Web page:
I finally got around to reading Michael Dolan's piece I was a Misogynist Comedian. I'm not even going to pretend that I'm not late to this party, such as it is. But the gist of the article, in case you haven't read it or don't feel like reading it now, is that as a part of his act Dolan told some jokes that elicited the M-word in response from a female reviewer, then a similar response from a female friend. Dolan now sees the insensitivity of the material, and is "no longer willing to defend it."
Now that we're all caught up, and so that we stay the same page, I don't necessarily intend to comment on Dolan's specific change of heart, or even on misogyny in comedy or Western culture in general. I want to look even broader.
In my mind the article raises the question: I wonder what happens now? On the one hand, the obvious answer is "not much." The way Dolan tells it, his audience wasn't big enough to have made the kind of splash that Michael Richards did a few years ago, or that Daniel Tosh did last year. There will be no public uproar, or televised apology. However, I'm curious whether the reviewer has seen Dolan's piece, and if she has what does she think about it? Is she willing to forgive him his then-cavalier attitude toward women?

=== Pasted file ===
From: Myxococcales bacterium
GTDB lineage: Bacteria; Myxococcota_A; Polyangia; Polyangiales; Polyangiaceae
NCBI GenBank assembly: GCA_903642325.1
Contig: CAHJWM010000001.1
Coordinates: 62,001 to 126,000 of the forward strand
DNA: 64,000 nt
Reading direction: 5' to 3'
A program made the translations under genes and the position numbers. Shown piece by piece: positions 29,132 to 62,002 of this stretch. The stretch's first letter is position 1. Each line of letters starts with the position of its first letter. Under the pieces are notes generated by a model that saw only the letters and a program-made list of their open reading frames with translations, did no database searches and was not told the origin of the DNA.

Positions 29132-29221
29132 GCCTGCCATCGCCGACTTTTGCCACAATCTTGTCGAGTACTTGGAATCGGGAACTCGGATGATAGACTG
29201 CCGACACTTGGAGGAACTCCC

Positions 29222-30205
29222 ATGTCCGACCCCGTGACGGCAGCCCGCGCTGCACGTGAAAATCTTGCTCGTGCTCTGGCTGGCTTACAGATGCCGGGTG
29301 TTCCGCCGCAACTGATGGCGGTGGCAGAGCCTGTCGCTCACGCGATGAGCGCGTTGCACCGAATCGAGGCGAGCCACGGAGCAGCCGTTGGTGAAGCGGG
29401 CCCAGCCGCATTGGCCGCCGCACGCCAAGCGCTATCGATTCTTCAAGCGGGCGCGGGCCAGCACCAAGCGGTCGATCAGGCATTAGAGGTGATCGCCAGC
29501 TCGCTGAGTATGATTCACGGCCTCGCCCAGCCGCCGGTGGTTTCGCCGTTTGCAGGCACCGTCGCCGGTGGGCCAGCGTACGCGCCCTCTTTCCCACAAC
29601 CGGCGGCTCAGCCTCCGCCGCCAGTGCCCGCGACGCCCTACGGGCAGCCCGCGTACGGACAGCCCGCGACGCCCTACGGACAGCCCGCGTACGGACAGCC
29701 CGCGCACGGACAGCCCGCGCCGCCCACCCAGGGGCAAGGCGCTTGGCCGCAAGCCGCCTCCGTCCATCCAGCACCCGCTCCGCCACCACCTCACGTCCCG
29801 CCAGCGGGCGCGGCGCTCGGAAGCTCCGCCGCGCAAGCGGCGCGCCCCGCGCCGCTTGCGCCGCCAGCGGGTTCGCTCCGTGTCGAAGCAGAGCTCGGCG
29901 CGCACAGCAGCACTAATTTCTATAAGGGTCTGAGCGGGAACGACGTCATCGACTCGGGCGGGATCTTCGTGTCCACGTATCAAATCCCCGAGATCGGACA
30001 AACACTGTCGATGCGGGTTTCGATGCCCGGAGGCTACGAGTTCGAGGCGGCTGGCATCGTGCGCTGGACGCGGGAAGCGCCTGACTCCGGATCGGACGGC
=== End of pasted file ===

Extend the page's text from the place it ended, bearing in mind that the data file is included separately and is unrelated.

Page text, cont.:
I'm curious because -- whether she would phrase it this way or not -- this is what she wanted (or at least should have) when she wrote her review. Her words affected change in the heart of a comic so that he is no longer comfortable telling the jokes that she found reprehensible.
One of the problems with our culture is that even after a person turns from his wrongful behavior there is too often a desire to see the offending party continue to pay. We saw it in protests when Michael Vick was allowed to return to the NFL, even though he has gone on to actively oppose dogfighting. We are more interested in retribution than rehabilitation, and I don't understand that. He's one more person who's out of the dog fighting game, and if that isn't progress towards the goal of animal activist groups then what is?
We are too quick to judge each other and at the same time way too quick to say of ourselves, "but I'm a nice guy," or "I'm still a good person." But Dolan wouldn't have characterized himself as a misogynist. How many of us would stand up and say, "I try, but I know in reality that I'm not a good guy"?
The truth of the matter is that none of us is good. (Rom. 3:10-12) We all do wrong in the sight of a holy God, but it pleases him when we recognize that wrong, put it behind us and instead seek what is right. (Rom 3:23-26) Why can't we find that same delight?
People are fallible. We're going to continue to hurt each other, but rather than trying to assure the offended parties that we really are good people, I hope we practice turning from those damaging behaviors. And I really, really hope that Dolan's reviewer, Michael Vick's detractors, and humanity at large can come to find the joy in seeing our antagonists turn away from their wrongdoings.